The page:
Generally speaking, I'm impressed again, because at least the Reds aren't settling. To deal with the little stuff first, getting Encarnacion back is obviously a good thing, even if it pushes Ryan Freel back into the outfield rotation, and even if it forces Rich Aurilia back into a role where he spot-starts around the diamond. Certainly, having Freel available for outfield play made it that much easier to simply discard the still-done QMcC, although I'm not really pleased to see them re-stock the roster slot with the equally execrable Wise. Then there's the question about what the Reds are thinking as far an apparently punitive benching of Encarnacion after an error in his first game back, since that's a case of just asking for a self-spiting nose-cutting. As for shipping out both Ramirez and Shackelford, those are acknowledgments of where we are: at the All-Star break in the former case, and in middle America in the latter. Ramirez will be back to reclaim his fifth slot in the rotation once it comes up again on the schedule after the break, while Shackelford has some issues to work out with John Law.
Which leaves us with the big deal, which was getting Guardado and something like $2.5 million to pay him with. Now, sure, he was a morose ex-closer moping his way through two months in middle relief. And yes, he's not the Everyday Eddie of years past. But when you're still in the running at the break, and your team's worst problem is its bullpen, you try to fix it and see if you catch lightning in a bottle with one or two guys. Chick's promising, but he's not a no-doubt-about-it blue-chip prospect, and he's very much the sort of arm you throw at somebody to make a deal. I'm not really wild about Guardado's prospects as a lefty flyball pitcher trying to make his living in the GABP. He was getting pasted by right-handed hitters this season, even with Safeco as his home park, and right-handed hitters in Cincy tend to deposit more than their share of cookies into the porch.
However, the alternatives were struggling pretty terribly, and if Guardado can handle closing effectively enough, the real benefit to getting him is that it pushes Todd Coffey forward to the seventh and eighth innings, making it that much more likely that Guardado will have leads to protect. All of this assumes that Guardado has something left, but I'm willing to accept the argument that he'll be better off now that he's out of Seattle, and that he has something left, especially if the price is only Chick. The only other reliever who has anything like a firm grip on his job is situational lefty Kent Mercker, although if Dave Weathers can get back to at least mowing down righties with some consistency, he'll become an asset again.
What I really like about going out and getting Guardado and cutting McCracken are that both moves reflect that GM Wayne Krivsky's not stuck on simply keeping people because they're experienced-these aren't his guys, and the opportunity here is to do something in the standings, not worry about who's on next winter's Christmas card list. The Reds farm system isn't burgeoning with prospects, so he won't be able to acquire help as easily as he did earlier on, when he picked up Brandon Phillips on the cheap. Especially now that he's in the running, you shouldn't expect people to make the transactions equivalent of a housewarming gift.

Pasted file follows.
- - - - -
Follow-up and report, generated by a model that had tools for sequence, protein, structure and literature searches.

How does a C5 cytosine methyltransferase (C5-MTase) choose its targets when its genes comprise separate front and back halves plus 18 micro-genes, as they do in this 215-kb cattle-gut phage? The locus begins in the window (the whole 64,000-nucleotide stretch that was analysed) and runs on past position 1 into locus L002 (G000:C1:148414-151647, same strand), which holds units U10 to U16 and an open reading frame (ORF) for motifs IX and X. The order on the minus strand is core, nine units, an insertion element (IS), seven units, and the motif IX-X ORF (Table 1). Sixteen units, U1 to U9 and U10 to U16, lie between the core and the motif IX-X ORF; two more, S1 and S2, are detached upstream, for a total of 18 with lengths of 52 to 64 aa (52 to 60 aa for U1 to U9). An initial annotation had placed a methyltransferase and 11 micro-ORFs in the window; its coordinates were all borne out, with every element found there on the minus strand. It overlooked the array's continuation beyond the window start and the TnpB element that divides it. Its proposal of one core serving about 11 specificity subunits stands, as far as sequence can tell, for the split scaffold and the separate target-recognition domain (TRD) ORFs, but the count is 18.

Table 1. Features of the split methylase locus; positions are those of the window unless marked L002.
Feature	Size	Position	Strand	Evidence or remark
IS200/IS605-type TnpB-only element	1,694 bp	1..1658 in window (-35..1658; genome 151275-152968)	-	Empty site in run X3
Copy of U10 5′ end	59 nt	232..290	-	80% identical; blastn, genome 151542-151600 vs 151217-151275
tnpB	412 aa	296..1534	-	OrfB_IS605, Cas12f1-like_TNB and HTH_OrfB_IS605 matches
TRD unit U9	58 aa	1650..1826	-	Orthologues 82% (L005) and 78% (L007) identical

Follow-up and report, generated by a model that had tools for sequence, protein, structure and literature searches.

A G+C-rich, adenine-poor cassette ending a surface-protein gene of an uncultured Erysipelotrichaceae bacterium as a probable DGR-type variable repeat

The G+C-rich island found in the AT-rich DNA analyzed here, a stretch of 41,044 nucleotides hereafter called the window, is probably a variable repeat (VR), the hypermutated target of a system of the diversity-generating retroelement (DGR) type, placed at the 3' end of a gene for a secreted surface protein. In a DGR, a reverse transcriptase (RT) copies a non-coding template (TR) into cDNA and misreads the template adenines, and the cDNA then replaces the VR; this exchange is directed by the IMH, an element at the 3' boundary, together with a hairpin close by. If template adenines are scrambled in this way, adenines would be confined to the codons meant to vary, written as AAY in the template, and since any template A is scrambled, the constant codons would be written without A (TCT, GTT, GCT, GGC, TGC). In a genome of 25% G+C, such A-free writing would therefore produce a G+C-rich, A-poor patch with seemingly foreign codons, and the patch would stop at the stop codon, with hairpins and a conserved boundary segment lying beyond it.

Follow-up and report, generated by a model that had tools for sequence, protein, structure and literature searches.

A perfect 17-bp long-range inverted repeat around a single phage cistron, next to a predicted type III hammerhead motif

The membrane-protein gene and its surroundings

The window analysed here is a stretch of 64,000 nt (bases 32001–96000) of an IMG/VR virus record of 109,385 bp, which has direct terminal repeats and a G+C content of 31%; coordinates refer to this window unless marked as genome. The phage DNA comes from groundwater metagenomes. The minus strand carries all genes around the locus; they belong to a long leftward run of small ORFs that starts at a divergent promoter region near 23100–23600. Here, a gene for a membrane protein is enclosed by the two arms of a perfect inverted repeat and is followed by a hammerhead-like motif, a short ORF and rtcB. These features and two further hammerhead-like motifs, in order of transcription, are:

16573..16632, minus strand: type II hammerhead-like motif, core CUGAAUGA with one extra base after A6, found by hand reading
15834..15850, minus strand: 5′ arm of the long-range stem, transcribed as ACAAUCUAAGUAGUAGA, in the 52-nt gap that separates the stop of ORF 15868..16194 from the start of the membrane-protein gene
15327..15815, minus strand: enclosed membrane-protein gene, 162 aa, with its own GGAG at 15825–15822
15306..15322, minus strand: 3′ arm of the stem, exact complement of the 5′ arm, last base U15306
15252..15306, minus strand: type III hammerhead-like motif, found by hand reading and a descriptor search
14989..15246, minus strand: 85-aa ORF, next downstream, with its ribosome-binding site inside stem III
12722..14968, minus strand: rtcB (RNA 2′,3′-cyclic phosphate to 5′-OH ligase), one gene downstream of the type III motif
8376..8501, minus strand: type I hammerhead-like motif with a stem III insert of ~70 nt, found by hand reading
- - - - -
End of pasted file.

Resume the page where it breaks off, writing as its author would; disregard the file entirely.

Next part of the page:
A pretty straightforward exchange, in that Pinto had tossed three innings to close out the club's 18-9 rout of the Nats on Wednesday, and probably wouldn't have been available until Saturday. With a double-header on that day plus no off day in the two days beforehand, bringing up Vargas to give him a shot at some pen-saving innings in case of a blowout made sense. That very thing happened, as Vargas got to close out a game that Ricky Nolasco had effectively already lost by the second inning (or the Mets offense had won, depending on your point of view). Vargas hadn't pitched all that well in Albuquerque, allowing seven home runs and 5.3 runs per nine in seven starts and 37.2 IP, although his 28-9 K-BB ratio gives some hope that he'll be able to get his act together. Certainly, he didn't help himself on Saturday, turning a seven-run second-inning deficit into thirteen runs by the sixth. Expect a return to Isotopery for Vargas, probably with Pinto back up in his place.
Designated RHP Jose Lima for assignment; purchased the contract of RHP Mike Pelfrey from Binghamton (Double-A). [7/7]
Certainly, the big lead in the standings affords a team all sorts of little tweaks, hiccups, rest breaks, and glory shots for various contributors. Well, okay, we're using the term "contributor" loosely, because Lima's only managed to go a perfect four-for-four in bringing the Mets back to the pack. But for Pelfrey (as it was for Alay Soler bain de soleil), it's an opportunity for him to audition as a fifth starter during a relative cake walk. He may not be entirely ready for the major leagues workload-wise, but this shouldn't be a situation like Alan Fowlkes or John Hoover, where he's going to be slagged in short order before we ever really get to find out who he is-whether you loathe pitch counts or love them, Pelfrey's going to be watched carefully. He was in good shape pitching in Double-A, striking out 77 in 66.1 IP, allowing 3.1 runs per nine, and surrendering 60 hits and 25 walks, and the mid-90s heat he was picked for has been a reliable staple. We'll see if he has as rude an adjustment period as Soler did, but if not, he might get the pleasure of breaking in on the margins of a playoff run. If he comes up short, no harm done, he'll just lose out to John Maine once Pedro's ready to come back.